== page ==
The last thing I expected to find in the gardens was a statue of Molly Bloom from Joyce's Ulysses.  I had forgotten that Molly, daughter of Major Tweedie, grew up in Gibraltar.   Her memories of Gibraltar form part of her famous reverie at the end of the book - including "the fig trees in the Alameda gardens".

"Each walk moves through space like a thread through fabric, sewing it together into a continuous experience ... this continuity is one of the things I think we lost in the industrial age - but we can choose to reclaim it." (Rebecca Solnit Wanderlust, a History of Walking)  I am full of admiration for my walker-friend.  Four months and over 2000 miles on the path.

Monday, 17 November 2014


"I do like my own wildly inaccurate translations" wrote John Ashbery of mid twentieth century French poetry, but went on to add "but not the originals".

I am not in a position to judge the original poems by Maciej Woźniak but they sounded wonderful in the original Polish.  Last week I wrote about the excellent Scottish Poetry Library translation workshop.  This week I thought I would post my English versions - I hesitate to use the word translations (it sounds too dependable!) - but I hope I have kept the spirit and some of the form and content of the originals. 

Some background

Maciej said he wanted to describe in the first poem a little epiphany which came to him on a dreary wet day while chopping wood to feed the large tiled wood-burning stove which heats the house he shares with his partner. 

The second poem was a list of startling metaphors to describe the paradoxical nature of the poet's heart.  It was a real challenge to find English words for the taut contradictory tensions.  There was a great subtlety in the Polish words used.  For example, the adjective describing the midwife in the first line was literally translated as "hazy" or "muddled", but Maciej said it was like Shakespeare's use of "rosy-fingered" to describe dawn.  That made me think of those straight rays from the sun which are called the fingers of God.  So I translated the word as "divine-fingered" - something you wouldn't expect a midwife to be.  "Lord of the Flies seaside rock" was my version of Maciej's "Wuthering Heights candy" - the latter sounding too much like the souvenir shops of Haworth to be sharp enough.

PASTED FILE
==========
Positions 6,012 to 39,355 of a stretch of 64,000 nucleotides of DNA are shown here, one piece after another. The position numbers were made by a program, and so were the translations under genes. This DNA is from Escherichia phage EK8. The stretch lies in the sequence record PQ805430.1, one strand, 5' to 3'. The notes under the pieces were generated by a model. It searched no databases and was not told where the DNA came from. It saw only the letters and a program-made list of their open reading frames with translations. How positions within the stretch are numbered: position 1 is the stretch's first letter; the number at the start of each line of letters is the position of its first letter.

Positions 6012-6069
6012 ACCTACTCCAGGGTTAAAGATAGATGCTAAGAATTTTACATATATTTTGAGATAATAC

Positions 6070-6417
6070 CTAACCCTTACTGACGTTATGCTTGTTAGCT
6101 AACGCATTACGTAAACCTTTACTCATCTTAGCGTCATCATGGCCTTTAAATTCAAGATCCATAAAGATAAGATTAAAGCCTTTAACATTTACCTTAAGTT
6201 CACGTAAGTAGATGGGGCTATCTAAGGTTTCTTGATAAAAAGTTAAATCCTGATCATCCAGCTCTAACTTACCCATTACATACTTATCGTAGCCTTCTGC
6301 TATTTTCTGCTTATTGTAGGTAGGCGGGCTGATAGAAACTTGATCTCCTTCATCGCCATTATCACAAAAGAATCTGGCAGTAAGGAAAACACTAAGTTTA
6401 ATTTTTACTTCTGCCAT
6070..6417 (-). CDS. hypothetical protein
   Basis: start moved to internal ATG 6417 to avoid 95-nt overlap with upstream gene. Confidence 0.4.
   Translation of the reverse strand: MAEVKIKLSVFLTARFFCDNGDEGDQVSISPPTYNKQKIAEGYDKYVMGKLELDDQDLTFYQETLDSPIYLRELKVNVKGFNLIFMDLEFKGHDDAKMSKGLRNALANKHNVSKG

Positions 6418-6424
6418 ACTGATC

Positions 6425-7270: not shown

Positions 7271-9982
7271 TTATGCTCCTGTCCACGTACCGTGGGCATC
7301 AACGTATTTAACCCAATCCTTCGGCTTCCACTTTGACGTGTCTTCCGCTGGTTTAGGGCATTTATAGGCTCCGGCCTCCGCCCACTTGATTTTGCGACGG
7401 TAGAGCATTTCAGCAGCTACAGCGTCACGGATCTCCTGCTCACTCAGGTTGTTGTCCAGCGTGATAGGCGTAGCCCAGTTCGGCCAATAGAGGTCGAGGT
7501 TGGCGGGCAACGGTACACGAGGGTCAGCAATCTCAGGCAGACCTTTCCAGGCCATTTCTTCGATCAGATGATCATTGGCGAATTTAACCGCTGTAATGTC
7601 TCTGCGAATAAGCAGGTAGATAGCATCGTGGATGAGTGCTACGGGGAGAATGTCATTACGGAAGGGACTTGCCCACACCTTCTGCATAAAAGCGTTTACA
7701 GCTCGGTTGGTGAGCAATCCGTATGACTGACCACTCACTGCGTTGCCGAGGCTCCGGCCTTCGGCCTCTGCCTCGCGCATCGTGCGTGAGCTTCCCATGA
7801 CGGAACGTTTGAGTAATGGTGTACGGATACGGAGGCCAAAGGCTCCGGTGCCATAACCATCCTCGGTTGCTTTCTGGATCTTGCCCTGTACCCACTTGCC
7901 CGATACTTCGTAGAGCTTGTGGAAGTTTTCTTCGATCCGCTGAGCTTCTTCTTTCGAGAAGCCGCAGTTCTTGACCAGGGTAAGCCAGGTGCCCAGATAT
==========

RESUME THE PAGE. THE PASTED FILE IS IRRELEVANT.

English versions of two poems by Maciej Woźniak

Mandala z kropli i szczap

Creating a mandala from drops and scraps

Damp down the nape of my neck.  Splitting wood.  A log crushes my foot
and pain runs back up my spine.  That’s the moment
I pick up the signal from home.  Drizzle all morning, but now by the shed roof
a message in a shoal of raindrops.  Love doesn’t do anything.  It just is.

Piosenka do serca

Song: for my heart

Pert waitress with your new moon tray, divine-fingered midwife,
wet-nurse madam with no make-up, my return key, my control + x,
my clutching at razor-edged straws, Fonteyn in a boxing ring,
Rita Heyworth in Bergman films, Baader Meinhof aspirin,
Lord of the Flies seaside rock, ping-pong on a pool table,
a Castrol tear for a star’s dynamo, all muck and no roses,
a funeral cheerleader, Thumbelina lured to the mole’s bed,

my Hildegarde from nowhere, in the rear-view mirror my Euridice.